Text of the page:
… it is our opinion that public funds may not be used to promote or advocate the position of a governing body on a matter which is before the electorate. However, this does not mean that public funds may not be expended to educate and inform the electorate.
That’s the opinion of the Kansas Attorney General Robert Stephan from 1993. In this opinion, the Attorney General cited this court opinion:
It would be establishing a dangerous and untenable precedent to permit the government or any agency thereof, to use public funds to disseminate propaganda in favor of or against any issue or candidate. This may be done by totalitarian, dictatorial, or autocratic governments but it cannot be tolerated, directly or indirectly, in these democratic United States of America. This is true even if the position advocated is believed to be in the best interest of our country. To educate, inform, to advocate or promote voting on any issue may be undertaken, provided it is not to persuade nor to convey favoritism, partisanship, partiality, approval or disapproval . . . of any issue, worthy as it may be.
Now, look back at the actions of our elected government leaders in the months leading up to the November 2004 election.
Were they presenting educational material about the benefits of a new arena? Were they promoting an open and honest debate of a new arena’s merits?
Or were they cheerleading and advocating for the arena, using their offices and government resources?
I submit that our local governments, our elected officials, and their quasi-governmental surrogates were working in full force for the passage of the arena and its tax.
That’s not just my opinion. Others noticed it too.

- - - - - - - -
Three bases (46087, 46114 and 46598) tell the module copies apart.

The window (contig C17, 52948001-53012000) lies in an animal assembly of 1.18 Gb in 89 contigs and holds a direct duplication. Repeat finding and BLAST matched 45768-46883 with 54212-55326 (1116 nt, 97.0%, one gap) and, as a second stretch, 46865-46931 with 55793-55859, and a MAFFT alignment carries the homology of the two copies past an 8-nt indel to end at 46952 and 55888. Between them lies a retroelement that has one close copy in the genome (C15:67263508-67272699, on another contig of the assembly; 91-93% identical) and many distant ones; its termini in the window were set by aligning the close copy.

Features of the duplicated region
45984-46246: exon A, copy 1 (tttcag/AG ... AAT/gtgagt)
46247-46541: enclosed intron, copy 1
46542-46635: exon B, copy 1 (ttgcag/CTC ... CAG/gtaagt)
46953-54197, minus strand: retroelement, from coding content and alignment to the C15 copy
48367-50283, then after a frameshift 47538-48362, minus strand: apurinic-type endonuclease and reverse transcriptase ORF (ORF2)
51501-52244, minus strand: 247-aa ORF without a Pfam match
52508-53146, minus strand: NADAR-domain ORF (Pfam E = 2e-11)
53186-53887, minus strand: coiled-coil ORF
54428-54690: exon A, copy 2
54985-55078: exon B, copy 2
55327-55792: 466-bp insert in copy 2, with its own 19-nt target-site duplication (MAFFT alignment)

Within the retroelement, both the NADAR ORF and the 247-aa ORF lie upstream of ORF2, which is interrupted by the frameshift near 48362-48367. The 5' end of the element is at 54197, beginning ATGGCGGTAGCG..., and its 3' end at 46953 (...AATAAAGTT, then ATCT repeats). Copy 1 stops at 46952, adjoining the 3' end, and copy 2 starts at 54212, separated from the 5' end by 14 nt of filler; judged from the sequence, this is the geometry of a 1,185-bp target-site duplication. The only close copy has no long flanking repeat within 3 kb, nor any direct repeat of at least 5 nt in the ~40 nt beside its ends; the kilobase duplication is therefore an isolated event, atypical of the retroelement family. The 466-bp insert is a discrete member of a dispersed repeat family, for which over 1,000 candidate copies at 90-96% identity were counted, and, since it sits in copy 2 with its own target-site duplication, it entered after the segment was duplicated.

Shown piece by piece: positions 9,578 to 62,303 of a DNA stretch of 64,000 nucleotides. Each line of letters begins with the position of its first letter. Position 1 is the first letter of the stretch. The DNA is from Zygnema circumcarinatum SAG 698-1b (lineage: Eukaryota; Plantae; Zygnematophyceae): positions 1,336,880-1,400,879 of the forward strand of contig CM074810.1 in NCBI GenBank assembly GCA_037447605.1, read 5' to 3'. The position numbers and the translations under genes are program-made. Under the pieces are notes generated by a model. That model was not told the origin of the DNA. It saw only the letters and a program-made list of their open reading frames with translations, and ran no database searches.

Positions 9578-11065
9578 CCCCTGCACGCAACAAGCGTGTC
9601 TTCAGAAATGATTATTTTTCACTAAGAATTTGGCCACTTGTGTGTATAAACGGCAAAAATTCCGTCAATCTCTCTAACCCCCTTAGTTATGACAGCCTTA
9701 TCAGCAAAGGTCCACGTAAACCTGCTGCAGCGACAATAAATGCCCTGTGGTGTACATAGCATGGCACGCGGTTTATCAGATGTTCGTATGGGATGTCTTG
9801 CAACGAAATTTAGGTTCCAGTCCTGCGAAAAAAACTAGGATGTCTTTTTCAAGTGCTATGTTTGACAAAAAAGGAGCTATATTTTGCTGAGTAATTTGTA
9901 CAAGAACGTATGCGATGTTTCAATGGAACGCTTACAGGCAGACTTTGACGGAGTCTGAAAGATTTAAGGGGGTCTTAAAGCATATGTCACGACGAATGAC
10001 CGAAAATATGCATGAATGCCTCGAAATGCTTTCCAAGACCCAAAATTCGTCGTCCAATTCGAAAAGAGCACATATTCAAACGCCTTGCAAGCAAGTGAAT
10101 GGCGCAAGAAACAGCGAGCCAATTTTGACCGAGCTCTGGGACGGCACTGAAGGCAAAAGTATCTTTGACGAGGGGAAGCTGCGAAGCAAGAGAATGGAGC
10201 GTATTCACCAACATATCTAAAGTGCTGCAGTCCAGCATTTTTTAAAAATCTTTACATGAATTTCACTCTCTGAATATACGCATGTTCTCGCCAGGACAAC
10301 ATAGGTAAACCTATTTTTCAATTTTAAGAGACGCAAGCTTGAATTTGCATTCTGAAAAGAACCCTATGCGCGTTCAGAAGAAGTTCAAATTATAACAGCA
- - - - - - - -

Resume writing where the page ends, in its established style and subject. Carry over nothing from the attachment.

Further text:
An editorial by Phillip Brownlee, published in the Wichita Eagle on September 5, 2004, read in part: “If the plan is to pass, city and county elected officials — supported by business leaders — must continue their strong leadership and high-profile support for the arena.”
After the election, another Wichita Eagle editorial by Rhonda Holman published on November 4, 2004 stated in part: “What made the difference this time, in addition to the effective marketing campaign and all those pennant yard signs, was the unified show of political will on the part of Wichita and Sedgwick County officials. Their willingness to declare the need for such a facility, then argue for raising taxes to meet that need, helped attract necessary support from the businesses that backed the campaign, and finally from voters asked to pay for the arena with a 30-month, 1-percent sales-tax increase.”
The Wichita Downtown Development Corporation, led by its president Ed Wolverton, was a prominent booster for the arena. Do you know where this organization receives its funds? It is funded through property taxes and its contract with the City of Wichita. Other taxpayer funded institutions, such as the Greater Wichita Convention & Visitors Bureau, the Greater Wichita Area Sports Commission, the Hyatt Regency Wichita, and even the Kansas Turnpike Authority contributed money or in-kind resources to the pro-arena Vote Yea campaign, and most of these institutions campaigned for the arena, too.
In a television story about Wichita city manager George Kolb, the reporter said: “Some things Kolb says he filled the council in on were … helping get the downtown arena passed.” The clear meaning of this is that city manager Kolb was proud of how he and the Wichita city council worked to help pass the downtown arena tax. Now if Mr. Kolb had talked about how he helped educate the electorate on the issues surrounding the arena tax ballot measure, that would be acceptable. Instead, he and other government leaders are proud of how they worked to ensure passage of the arena tax. That behavior is contrary to how the Kansas Attorney General said they should act.
I asked our District Attorney to look into this issue of government advocacy for the arena. That office decided, even in light of all this and more evidence, that there was no wrongdoing by our leaders.
Does this seem a correct conclusion by the district attorney, in light of these facts about the behavior of our local government officials?
Were local government officials, especially the Sedgwick County Commission, presenting educational material, or were they campaigning for the arena?
I believe the only conclusion we can make is that they were all campaigning — and campaigning vigorously — for the arena, in spite of what Kansas Attorney General Opinion 93-125 says is acceptable behavior for government officials and the expenditure of public funds.